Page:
Levels of fine particles are as high in the suburban areas around Brussels Airport as they are in the city centre, according to research carried out by the Flemish Institute for Technological Research (VITO).
Fine particles, measuring less than 0.1 millionths of a metre, are a particularly onerous form of air pollution, largely caused by diesel exhaust fumes. But airline activity is also a cause, VITO says.
The institute took measurements at eight locations in the periphery, and found average concentrations of the pollutant of between 10,000 and 20,000 particles per cubic centimetre – similar levels to those found in the city centre.
In some locations, however, levels were measured at up to seven times the average, apparently linked to the take-off and landing of aircraft. The highest levels were found on the runway itself, coinciding with take-off and landing.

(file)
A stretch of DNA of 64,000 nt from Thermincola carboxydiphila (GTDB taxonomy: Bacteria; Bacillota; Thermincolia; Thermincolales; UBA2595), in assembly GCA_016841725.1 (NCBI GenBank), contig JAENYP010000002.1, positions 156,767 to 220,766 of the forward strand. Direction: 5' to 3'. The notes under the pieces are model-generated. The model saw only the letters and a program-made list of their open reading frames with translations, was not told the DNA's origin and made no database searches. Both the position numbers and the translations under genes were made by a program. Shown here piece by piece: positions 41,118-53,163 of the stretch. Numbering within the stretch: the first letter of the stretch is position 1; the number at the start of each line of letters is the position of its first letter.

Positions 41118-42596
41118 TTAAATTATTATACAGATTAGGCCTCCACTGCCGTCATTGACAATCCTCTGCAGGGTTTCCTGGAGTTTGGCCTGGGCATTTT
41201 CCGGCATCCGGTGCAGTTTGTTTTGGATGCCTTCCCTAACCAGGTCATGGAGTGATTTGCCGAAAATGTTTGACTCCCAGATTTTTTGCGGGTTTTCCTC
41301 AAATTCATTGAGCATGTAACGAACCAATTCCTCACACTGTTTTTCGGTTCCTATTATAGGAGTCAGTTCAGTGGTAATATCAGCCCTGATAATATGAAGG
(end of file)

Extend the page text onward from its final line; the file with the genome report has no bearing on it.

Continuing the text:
“These high concentrations are of reasonably short duration, and also go down as the distance from the airport increases,” the report says.
Brussels Airport said the VITO findings were in line with those of a previous study, and also with levels measured at other European airports.
And it said measures have already been put in place to improve air quality, including electric buses to carry passengers to and from aircraft. Airlines that fly cleaner aircraft also receive a price discount for their use of the airport.
The VITO study was commissioned by Brussels Airport Company itself, as part of its Strategic Vision 2040 programme.